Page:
The universe keeps throwing neat stuff up for our telescopes to look at. A team lead by Shkolnik et al. / Univ. of HawaiiEvgenya Shkolnik (University of Hawaii), has observed a tight system of 4 stars crammed within 6 AU of one another – If located in our solar system, all four stars would fit within the orbit of Jupiter! The system consists of 2 tight binaries, with the two binary systems orbiting the center of mass for all 4 stars. There is less than a 1 in 2000 percent chance that stars of this type could form in this 4-star type of a system, and this is the first time a system like this has been found.


The two sets of binaries are very tight. One pair orbits a point between the two stars (their center of mass) with a separation of 0.06 AU, and the other set has a maximum separation of 0.56 AU. For perspective, Callista orbits Jupiter at a distance of 0.01 AU and Mercury orbits the Sun at a distance of 0.46 AU.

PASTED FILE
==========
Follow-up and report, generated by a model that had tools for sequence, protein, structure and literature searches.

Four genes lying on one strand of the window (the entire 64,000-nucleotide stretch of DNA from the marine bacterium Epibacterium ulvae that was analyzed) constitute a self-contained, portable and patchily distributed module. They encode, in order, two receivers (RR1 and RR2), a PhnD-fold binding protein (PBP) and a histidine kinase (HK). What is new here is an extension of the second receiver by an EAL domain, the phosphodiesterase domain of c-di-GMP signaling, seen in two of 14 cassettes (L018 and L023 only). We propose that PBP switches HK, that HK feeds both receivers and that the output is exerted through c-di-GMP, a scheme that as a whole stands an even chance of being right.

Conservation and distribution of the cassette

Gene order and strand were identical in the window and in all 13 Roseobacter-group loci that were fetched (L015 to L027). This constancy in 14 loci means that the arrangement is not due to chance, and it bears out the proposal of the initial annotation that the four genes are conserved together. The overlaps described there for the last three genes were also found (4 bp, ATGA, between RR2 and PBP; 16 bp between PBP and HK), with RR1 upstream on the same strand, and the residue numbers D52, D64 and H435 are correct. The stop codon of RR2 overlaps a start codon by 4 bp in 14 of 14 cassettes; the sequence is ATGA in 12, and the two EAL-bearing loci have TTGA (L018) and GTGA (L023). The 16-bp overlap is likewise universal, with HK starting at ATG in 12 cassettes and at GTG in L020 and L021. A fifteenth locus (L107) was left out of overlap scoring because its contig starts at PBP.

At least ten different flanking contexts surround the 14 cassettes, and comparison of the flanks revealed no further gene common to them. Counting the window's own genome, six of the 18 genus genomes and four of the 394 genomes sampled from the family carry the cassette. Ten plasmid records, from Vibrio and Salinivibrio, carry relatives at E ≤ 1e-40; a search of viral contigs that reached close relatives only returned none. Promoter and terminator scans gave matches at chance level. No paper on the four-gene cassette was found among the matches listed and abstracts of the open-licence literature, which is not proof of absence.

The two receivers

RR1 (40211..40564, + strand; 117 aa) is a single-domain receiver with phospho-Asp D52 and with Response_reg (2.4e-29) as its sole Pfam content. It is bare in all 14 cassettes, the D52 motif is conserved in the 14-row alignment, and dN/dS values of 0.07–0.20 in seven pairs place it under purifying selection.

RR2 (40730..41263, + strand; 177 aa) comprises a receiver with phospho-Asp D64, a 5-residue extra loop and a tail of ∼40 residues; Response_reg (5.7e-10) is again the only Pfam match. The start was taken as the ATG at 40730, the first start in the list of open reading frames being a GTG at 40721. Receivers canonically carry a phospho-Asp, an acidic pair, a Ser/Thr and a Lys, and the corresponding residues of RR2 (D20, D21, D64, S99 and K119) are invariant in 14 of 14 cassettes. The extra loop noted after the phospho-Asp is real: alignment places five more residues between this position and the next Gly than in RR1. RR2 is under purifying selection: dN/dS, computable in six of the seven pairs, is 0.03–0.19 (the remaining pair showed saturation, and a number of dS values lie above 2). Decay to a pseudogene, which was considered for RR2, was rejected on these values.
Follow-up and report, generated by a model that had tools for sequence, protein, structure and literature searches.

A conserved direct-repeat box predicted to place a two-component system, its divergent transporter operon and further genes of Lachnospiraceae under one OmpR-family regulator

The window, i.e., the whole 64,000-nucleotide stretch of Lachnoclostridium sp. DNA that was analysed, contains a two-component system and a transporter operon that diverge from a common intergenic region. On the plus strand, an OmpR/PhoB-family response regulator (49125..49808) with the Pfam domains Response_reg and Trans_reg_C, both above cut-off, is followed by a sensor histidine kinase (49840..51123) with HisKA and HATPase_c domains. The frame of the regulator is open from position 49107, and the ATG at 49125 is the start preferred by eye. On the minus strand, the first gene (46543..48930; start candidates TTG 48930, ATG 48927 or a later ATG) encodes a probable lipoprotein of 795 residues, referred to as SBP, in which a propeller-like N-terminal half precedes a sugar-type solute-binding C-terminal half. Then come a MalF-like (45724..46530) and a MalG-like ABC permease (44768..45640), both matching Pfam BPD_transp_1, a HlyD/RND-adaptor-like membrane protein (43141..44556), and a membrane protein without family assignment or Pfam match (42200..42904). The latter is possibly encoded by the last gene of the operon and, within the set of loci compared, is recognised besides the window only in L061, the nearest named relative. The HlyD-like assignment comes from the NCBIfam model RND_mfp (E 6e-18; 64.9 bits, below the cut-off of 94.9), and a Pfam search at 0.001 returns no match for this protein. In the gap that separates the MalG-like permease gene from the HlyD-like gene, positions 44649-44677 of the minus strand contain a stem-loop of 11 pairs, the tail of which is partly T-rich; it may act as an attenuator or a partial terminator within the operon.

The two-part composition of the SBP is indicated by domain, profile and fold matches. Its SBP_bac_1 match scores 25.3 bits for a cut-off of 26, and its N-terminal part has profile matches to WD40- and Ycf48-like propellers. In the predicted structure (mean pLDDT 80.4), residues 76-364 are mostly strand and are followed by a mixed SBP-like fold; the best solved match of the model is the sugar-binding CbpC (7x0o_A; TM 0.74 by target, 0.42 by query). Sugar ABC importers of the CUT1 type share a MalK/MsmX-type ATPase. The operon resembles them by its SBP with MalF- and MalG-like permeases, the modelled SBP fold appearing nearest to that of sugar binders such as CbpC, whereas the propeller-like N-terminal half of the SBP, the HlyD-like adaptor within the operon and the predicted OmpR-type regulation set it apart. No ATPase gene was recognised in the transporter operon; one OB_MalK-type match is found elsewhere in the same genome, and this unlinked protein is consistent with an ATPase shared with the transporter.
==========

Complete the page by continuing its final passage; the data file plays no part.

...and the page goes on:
This is a system that is neat to model. While brown dwarfs live a long long long long time, as these stars (someday many 10s of billions of years in the future) evolve, the orbits in the system will change, material may exchange between stars, and who knows what else. This is a discovery announcement, and I can’t wait to see what the theorists do with their knowledge that these things can form!